High waves hamper search for Marines missing in Hawaii helicopter crash
HONOLULU: High waves expected for the next several days will hamper the search for 12 Marines missing at sea after two helicopters collided near the island of Oahu in Hawaii, US Coast Guard officials said on Friday.
Two Coast Guard cutters and several Coast Guard aircraft were searching, along with two US Navy warships and local police and fire department helicopters, the Coast Guard said.
A safety zone has been set up from the shoreline that matches up with the accident site to 8 miles (13 km) out to sea, the Coast Guard said.
"We've seen debris through the entire area," said Lieutenant Scott Carr, a Coast Guard spokesman.
The CH-53E helicopters, belonging to the 1st Marine Aircraft Wing from the Marine Corps Air Station at Kaneohe Bay, were on a routine training mission when they were reported to have collided just before midnight local time (1000 GMT), Coast Guard spokeswoman Sara Mooers said.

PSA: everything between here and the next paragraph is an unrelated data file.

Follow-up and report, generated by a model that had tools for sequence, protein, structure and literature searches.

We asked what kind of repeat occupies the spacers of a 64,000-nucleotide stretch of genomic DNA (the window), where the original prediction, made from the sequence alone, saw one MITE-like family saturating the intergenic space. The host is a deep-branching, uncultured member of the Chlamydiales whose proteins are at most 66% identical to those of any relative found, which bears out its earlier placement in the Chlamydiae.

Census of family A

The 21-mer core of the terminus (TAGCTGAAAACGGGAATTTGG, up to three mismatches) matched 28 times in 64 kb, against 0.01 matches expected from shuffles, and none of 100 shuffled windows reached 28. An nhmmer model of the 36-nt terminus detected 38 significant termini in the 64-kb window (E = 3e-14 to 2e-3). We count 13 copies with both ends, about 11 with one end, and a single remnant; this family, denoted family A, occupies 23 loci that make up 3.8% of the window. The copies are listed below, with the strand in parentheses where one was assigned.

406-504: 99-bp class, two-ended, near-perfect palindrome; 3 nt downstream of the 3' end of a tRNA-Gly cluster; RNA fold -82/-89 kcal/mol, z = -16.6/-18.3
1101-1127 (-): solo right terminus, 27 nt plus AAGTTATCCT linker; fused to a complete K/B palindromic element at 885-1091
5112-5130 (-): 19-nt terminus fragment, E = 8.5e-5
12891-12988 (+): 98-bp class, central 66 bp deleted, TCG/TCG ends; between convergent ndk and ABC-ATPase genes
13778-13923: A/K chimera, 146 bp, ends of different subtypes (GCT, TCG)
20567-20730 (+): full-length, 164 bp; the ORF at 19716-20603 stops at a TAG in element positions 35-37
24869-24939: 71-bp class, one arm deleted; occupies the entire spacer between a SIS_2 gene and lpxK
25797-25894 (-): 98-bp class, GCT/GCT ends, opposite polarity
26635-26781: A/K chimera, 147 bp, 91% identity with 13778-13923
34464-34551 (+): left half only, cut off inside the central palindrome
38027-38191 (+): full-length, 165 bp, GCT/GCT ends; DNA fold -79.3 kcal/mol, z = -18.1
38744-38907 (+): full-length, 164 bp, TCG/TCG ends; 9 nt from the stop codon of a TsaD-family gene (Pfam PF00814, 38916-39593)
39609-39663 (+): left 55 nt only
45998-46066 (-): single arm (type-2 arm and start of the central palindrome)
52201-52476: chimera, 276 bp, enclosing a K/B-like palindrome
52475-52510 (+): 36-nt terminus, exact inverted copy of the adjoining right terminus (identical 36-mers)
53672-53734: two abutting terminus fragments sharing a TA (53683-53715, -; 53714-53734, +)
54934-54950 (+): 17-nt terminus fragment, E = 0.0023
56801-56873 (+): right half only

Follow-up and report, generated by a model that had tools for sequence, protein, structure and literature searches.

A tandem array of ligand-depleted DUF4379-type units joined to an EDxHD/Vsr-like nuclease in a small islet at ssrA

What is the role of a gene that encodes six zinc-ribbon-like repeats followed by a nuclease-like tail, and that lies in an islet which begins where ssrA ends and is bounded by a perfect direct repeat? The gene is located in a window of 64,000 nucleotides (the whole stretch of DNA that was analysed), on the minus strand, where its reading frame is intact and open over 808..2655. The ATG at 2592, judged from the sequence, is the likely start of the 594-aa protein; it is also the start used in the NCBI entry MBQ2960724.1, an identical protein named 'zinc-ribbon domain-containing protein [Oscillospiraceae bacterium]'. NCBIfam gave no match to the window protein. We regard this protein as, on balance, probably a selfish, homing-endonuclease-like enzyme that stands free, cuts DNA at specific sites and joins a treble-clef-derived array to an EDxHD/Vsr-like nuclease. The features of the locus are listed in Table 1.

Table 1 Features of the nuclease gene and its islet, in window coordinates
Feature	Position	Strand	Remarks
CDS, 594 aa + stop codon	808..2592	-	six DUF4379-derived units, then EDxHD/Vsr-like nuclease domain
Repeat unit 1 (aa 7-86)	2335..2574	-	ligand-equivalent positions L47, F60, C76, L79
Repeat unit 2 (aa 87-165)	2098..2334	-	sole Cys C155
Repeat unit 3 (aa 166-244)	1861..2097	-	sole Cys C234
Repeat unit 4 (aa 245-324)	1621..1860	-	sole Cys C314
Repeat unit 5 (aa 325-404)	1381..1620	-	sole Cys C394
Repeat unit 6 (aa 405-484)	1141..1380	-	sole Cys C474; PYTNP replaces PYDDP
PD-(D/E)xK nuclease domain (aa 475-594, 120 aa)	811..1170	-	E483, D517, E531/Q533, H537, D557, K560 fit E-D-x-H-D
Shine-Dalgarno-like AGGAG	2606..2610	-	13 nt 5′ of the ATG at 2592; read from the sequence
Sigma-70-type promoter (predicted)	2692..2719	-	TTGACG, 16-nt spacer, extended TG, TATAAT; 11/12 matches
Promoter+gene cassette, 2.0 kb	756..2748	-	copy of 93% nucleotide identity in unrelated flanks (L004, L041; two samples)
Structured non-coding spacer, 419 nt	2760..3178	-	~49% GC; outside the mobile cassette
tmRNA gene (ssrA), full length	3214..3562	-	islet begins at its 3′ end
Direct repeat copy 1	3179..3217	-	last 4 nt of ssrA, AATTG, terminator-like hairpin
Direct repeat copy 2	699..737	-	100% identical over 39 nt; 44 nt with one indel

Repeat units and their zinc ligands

The wide-ranging search for the Marines was hampered by high surf and poor visibility from rain storms.
The rescue effort will continue on sea and air throughout the night, though bad weather will continue to hamper the efforts, said Mooers.
"It does move things around and keeps us busy," Mooers said.
A Coast Guard helicopter crew spotted debris in the water off the town of Haleiwa on the north shore of Oahu but they did not find passengers.
The debris field spanned more than 7 miles off the coast, the Coast Guard said.
"Thoughts & prayers are with our Marines & their families in Hawaii as search efforts continue," General Robert Neller, commandant of the Marine Corps, said in a message on Twitter.
No distress call was issued by either aircraft. Authorities were notified by a man standing on the beach who saw a fireball over the ocean after seeing the helicopters flying in that area, Carr said at a news conference.